Fri, Apr 19, 2024 11:11 AM

South Marlborough solar farm plan to go to consent hearing


Maia Hart

A proposal to install a solar farm in south Marlborough will go to a hearing in May despite Marlborough Lines’ attempts to resolve opposition.

Marlborough Lines, through its subsidiary Energy Marlborough, has applied for resource consent to build a solar farm in Ward over two different blocks currently used for grazing.

The farms, adjacent to Seddon St and Tachalls Rd, would have up to 60,000 solar panels on about 11 hectares, the application said. Both sites were near Ward School.

The installation and operation of the solar farm required a discretionary activity land use consent under the Proposed Marlborough Environment Plan.

In a decision from independent commissioner Antoinette Besier, she concluded the proposal, which received a handful of submissions both in support and against it, would need to go to a resource consent hearing before a final decision would be made on the application.

Marlborough Lines had managed to resolve the concerns of some submitters opposing the application.

A solar farm is planned for a site adjacent to Tachells Rd in Ward. (File photo) SUPPLIED: LDR

However, one submitter still wanted to speak at a hearing on the proposed solar farm. That submitter owned a property in Ward that was unoccupied.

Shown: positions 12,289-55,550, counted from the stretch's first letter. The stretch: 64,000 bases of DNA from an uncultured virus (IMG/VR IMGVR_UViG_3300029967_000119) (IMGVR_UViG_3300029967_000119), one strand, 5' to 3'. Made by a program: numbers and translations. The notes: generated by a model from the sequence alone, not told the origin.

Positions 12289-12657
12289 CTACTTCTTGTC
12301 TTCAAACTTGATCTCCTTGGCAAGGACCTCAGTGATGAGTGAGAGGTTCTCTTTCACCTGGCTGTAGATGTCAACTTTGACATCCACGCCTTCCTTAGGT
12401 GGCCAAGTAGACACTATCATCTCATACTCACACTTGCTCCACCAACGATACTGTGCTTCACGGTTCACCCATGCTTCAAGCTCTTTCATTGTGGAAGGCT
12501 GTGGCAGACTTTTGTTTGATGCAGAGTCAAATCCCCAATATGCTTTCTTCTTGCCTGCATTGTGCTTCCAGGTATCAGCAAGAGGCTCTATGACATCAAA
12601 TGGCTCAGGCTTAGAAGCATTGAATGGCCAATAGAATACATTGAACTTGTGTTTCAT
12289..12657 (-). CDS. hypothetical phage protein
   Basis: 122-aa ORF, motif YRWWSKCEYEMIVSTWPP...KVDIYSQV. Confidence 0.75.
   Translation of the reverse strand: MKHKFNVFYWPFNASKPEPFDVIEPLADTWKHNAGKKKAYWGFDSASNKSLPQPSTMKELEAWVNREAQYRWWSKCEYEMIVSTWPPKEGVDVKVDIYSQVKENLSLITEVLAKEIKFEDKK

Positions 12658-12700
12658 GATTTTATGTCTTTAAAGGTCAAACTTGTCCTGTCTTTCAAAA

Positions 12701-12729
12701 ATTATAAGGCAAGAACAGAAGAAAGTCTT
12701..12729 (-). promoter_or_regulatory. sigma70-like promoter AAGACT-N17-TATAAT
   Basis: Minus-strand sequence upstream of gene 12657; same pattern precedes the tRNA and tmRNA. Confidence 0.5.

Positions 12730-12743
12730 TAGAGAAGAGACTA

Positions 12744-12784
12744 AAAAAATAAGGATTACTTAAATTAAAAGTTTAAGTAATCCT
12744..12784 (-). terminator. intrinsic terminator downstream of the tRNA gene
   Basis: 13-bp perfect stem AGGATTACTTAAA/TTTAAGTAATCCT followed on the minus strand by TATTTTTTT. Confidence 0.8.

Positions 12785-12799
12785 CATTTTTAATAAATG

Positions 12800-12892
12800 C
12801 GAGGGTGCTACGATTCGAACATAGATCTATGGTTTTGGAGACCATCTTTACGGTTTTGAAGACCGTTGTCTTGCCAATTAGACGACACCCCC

His submission said he had safety concerns regarding electromagnetic fields.

“At the very least, the application should be amended/modified so that there is a safe distance between the solar power installation and the residents and school children who will endure long-term exposure to it,” he said.

Marlborough Lines had met with the concerned homeowner multiple times over the last 11 months, Besier’s decision said.

Besier said she thought Marlborough Lines had made “responsible and reasonable” efforts to address concerns raised by the submitter.

But Besier said the submission was not “detailed” and there could be expert evidence at the hearing that substantiated his concerns, or he could speak to concerns himself.

“I do not consider that this is a clear case,” Besier said.

The New Zealand Transport Agency Waka Kotahi was one of the initial opponents, due to limited details about the proposed panels.

“Notably, the panel dimensions, maximum mounting height, panel arrangement, orientation, and tilt angle have not been confirmed.

“It is difficult to understand the potential glint and glare effects associated with the panels in the absence of this information.

“Further, the application has not stated whether there is to be any outdoor site lighting or security lighting.”

It was possible the panels would cause “dazzling" that could make it hard for drivers to on the road.

The Ministry of Education was also concerned about adverse effects on Ward School from the solar farm.

But both parties withdrew their submissions after discussions with Marlborough Lines.

The application also received submissions in support.

Marlborough Lines had also lodged a resource consent application in March for a solar farm on Dillons Point Rd, east of Blenheim, which it had discussed with neighbours last year.


LDR is local body journalism co-funded by RNZ and NZ On Air.

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